Ad Explorandum: On the Numerati and Tempus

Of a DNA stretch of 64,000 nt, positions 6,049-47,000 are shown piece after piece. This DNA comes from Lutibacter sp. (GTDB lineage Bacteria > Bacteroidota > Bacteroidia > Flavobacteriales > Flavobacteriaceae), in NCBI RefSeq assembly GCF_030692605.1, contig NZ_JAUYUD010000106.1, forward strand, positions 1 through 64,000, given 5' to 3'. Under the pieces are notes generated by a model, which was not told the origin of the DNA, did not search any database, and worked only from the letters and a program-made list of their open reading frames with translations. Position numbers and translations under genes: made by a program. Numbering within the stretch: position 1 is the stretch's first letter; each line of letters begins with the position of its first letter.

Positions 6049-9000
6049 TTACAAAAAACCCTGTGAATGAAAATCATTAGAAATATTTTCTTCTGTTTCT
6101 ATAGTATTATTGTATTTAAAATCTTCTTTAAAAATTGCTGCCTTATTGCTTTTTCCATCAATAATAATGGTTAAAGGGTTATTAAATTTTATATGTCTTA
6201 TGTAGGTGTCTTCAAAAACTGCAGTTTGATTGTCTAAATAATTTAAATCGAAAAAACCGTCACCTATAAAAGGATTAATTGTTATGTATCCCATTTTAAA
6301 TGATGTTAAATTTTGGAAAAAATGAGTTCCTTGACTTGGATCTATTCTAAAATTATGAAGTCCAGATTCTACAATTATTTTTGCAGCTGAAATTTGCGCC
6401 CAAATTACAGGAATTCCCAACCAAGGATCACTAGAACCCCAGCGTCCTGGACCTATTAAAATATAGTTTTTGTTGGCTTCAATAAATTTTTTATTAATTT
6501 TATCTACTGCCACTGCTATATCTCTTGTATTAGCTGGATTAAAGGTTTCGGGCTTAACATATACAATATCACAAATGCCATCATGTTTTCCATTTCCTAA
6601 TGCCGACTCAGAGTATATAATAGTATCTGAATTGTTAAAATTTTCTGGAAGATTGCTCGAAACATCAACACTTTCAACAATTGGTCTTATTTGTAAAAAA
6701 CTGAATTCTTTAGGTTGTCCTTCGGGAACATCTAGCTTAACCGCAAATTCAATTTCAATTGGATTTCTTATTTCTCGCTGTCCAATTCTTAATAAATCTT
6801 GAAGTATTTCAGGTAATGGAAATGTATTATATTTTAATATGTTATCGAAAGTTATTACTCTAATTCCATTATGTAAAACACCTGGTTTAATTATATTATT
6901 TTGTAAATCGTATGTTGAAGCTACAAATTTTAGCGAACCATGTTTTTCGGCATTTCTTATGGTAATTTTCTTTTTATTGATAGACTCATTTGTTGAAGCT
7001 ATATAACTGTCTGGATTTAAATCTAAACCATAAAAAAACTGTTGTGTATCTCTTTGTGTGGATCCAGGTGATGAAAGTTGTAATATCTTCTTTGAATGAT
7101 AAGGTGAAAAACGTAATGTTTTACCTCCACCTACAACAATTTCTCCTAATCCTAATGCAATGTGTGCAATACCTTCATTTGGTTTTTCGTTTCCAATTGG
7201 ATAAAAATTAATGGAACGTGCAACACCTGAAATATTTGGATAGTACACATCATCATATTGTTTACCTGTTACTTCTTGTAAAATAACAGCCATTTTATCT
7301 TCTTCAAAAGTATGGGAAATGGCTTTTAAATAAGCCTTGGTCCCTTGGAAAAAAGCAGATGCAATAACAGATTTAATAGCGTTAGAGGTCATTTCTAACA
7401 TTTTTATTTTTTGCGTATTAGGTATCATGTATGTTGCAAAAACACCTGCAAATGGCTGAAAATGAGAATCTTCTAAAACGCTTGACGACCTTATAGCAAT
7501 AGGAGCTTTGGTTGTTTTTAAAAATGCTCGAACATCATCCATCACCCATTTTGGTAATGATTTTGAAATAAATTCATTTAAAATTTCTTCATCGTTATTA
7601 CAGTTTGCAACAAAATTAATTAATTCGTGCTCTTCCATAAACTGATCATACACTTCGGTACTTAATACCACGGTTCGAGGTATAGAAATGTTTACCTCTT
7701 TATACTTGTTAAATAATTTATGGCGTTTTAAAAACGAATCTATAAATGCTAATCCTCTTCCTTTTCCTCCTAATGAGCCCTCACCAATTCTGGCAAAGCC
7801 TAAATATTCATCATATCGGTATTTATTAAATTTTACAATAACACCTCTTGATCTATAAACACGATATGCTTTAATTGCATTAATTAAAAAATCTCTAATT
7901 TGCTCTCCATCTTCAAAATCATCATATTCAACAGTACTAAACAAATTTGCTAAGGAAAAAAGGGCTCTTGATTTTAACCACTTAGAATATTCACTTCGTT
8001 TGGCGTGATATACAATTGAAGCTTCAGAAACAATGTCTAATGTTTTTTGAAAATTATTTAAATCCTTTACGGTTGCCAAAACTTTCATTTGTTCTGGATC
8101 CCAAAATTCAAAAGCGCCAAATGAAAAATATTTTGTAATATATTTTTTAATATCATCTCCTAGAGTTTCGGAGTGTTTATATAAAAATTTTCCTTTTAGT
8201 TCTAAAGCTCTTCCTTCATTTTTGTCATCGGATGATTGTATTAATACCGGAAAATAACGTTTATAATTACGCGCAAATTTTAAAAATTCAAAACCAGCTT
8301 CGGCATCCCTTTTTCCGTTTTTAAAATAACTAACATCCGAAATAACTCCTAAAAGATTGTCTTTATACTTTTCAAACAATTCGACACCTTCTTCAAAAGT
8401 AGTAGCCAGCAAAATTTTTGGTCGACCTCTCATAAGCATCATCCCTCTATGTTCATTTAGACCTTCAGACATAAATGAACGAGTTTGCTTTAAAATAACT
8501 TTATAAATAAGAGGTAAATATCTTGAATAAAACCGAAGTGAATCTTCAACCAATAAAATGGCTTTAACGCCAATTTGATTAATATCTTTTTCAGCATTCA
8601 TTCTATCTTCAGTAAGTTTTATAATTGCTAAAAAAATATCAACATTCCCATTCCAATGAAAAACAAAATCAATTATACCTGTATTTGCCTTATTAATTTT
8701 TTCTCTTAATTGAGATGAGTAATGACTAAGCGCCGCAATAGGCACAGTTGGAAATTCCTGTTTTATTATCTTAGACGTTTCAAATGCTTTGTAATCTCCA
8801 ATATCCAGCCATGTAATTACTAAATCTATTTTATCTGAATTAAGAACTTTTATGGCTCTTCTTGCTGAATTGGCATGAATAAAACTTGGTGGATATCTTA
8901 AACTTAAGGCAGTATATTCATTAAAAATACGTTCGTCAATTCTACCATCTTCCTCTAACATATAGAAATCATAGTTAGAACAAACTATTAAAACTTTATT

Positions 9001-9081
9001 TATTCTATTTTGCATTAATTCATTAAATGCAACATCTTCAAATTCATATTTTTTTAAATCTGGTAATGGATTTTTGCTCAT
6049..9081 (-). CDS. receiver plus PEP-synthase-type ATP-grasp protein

While exploring recently, I met a young boy named Tempus. T, for short, lives in a rather bizarre beach town. He believes he and the town are victims of an intricate haunt orchestrated by multidimensional beings. It started with strange electromagnetic readings from the local lighthouse (T hated this cliché) and progressed to distortions of visible light that T calls snoops. Disturbances in various types of gamma ray photons, primarily x-rays and ultraviolet, had him in a mad frenzy. He discovered that these light particles randomly started... to glitch? The math has been done, he tells people. The science is accurate, he warns people. No one believes the boy as they chalk up his claims to outrageous child babble. Snoops get their name from T’s belief that his community is being wiretapped by ghosts from another galaxy, so you can see the reluctance. It’s hard to believe a child when they’re claiming ethereal beings are hacking organic matter for a yet unknown benefit. Sure, T is an eccentric youngster, but he also happens to be the region’s brightest scientific mind at just the age of eleven and he’s on to something. Still, nobody will budge to hear him out. Big mistake.